Clyne: Dance (CD Review)

Also, Elgar: Cello Concerto. Inbal Segev, cello; Marin Alsop, London Philharmonic Orchestra. AVIE AV2419.

By Karl W. Nehring

A while back I came across the name of composer Anna Clyne. I can’t remember exactly where or when, but my guess it was some reference to her in either a music publication or, more likely, something I saw on Twitter. In any event, not long after that, I mentioned her name to Bill Heck during the course of a phone conversation. To my surprise and delight, Bill responded that he and his wife had attended a concert by the Pro Musica Chamber Orchestra in Columbus, Ohio, where they had both been greatly impressed by a piece titled Within  Her Arms – a piece written by none other than Anna Clyne.

Intrigued, I checked Amazon for a recording, but alas, there was none to be found. I was soon able to audition it, however, thanks to YouTube, where I found a video of a live performance. Like Bill and Mary, I too was greatly impressed. I quickly sent the link to another music-loving friend, who was also impressed. How is this wonderful music not yet available on CD?!

Fast-forward several months and I see an ad in Gramophone for a CD featuring a work titled Dance by Ms. Clyne. My interest is aroused to the point that I immediately submit a request for a review copy. Fast-forward another couple of weeks and Dance shows up in  my mailbox. Fast-forward another hour or so (hey, it was dinnertime) and Dance is spinning in my CD player, where it has since remained on heavy rotation.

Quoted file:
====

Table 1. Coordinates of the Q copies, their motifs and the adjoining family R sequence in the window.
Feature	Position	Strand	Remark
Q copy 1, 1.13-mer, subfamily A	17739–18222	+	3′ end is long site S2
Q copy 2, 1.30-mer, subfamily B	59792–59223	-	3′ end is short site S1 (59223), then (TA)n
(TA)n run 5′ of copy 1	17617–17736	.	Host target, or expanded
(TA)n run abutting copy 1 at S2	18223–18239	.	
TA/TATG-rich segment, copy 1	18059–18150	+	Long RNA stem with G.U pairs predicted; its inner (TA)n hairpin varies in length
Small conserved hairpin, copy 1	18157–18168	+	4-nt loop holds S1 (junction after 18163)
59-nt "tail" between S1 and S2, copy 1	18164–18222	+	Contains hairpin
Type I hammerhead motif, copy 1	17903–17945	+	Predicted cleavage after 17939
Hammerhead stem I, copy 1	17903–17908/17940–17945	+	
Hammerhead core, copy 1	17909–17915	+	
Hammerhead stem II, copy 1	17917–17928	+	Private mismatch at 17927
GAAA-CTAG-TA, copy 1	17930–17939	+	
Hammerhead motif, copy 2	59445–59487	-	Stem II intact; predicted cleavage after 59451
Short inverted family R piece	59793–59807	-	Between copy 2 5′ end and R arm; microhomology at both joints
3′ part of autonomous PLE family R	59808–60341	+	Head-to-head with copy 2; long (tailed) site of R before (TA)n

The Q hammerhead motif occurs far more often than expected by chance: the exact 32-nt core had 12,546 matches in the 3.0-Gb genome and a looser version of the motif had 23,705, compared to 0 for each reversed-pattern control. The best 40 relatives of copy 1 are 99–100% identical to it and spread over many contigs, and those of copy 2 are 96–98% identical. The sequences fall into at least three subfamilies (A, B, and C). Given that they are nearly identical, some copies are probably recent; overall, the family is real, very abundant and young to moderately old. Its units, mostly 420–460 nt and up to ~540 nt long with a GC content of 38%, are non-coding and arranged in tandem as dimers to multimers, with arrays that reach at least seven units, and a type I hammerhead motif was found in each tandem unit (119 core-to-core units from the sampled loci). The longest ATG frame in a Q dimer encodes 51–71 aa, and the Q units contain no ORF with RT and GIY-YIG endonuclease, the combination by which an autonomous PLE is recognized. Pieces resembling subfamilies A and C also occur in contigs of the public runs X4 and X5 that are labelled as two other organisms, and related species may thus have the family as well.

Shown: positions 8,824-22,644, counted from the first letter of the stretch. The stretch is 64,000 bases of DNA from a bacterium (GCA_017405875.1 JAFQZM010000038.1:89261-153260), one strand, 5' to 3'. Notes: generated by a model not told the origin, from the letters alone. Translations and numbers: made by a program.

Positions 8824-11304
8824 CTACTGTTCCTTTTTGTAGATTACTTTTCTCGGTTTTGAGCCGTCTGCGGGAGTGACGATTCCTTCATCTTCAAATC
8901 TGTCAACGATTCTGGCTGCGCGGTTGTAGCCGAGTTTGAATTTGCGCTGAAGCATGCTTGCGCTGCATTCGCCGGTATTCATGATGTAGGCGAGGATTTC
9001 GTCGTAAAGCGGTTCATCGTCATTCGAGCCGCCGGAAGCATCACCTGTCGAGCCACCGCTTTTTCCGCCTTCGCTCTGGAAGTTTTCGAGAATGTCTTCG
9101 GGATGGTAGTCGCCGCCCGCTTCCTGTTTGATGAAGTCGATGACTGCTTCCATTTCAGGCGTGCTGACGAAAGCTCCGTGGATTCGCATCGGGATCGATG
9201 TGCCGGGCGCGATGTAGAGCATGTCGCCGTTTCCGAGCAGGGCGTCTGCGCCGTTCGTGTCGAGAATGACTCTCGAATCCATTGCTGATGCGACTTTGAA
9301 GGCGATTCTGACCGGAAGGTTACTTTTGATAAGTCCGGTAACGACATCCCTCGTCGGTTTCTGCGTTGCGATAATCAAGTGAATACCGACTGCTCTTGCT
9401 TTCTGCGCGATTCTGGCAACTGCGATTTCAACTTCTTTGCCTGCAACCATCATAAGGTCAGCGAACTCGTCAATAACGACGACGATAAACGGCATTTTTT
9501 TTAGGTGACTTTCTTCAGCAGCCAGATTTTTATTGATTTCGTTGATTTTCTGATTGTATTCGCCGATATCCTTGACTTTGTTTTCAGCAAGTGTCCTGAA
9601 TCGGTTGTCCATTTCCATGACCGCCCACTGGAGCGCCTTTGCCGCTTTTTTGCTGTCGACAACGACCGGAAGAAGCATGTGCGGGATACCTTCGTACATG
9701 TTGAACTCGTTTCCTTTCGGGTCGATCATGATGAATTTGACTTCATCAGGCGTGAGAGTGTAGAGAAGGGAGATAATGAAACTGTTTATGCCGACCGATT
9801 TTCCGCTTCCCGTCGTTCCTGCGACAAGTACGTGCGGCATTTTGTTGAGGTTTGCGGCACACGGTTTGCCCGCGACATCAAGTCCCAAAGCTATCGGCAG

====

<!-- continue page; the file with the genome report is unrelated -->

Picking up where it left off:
Anna Clyne
London-born composer Anna Clyne (b. 1980), who now resides in upstate New York, composed Dance as the result of a commission from Israeli-American cellist Inbal Segev, who premiered the work at the 2019 Cabrillo Festival. Segev has now recorded the piece with the LPO under the direction of conductor Marin Alsop, who had first introduced Segev to Clyne. Dance comprises five moments with rather unusual titles: I. when you’re broken again; II. if you’ve torn the bandage off; III. In the middle of the fighting; IV. in your blood; V. when you’re perfectly free. In the liner notes, Clyne, whose own instrument is also the cello, explains that “I knew that I wanted to write a multi-movement work in which each movement had its own personality, its own character. I’ve known this Rumi poem for a while and always thought it would be a good source of inspiration – it’s short, has repetition, a clear form of five lines and a strong physicality (for example, ‘broken open,’ ‘in your blood’). It also has a sense of urgency that I found compelling for this piece. It was a great way to structure the piece – to break it up into the five lines of the poem.”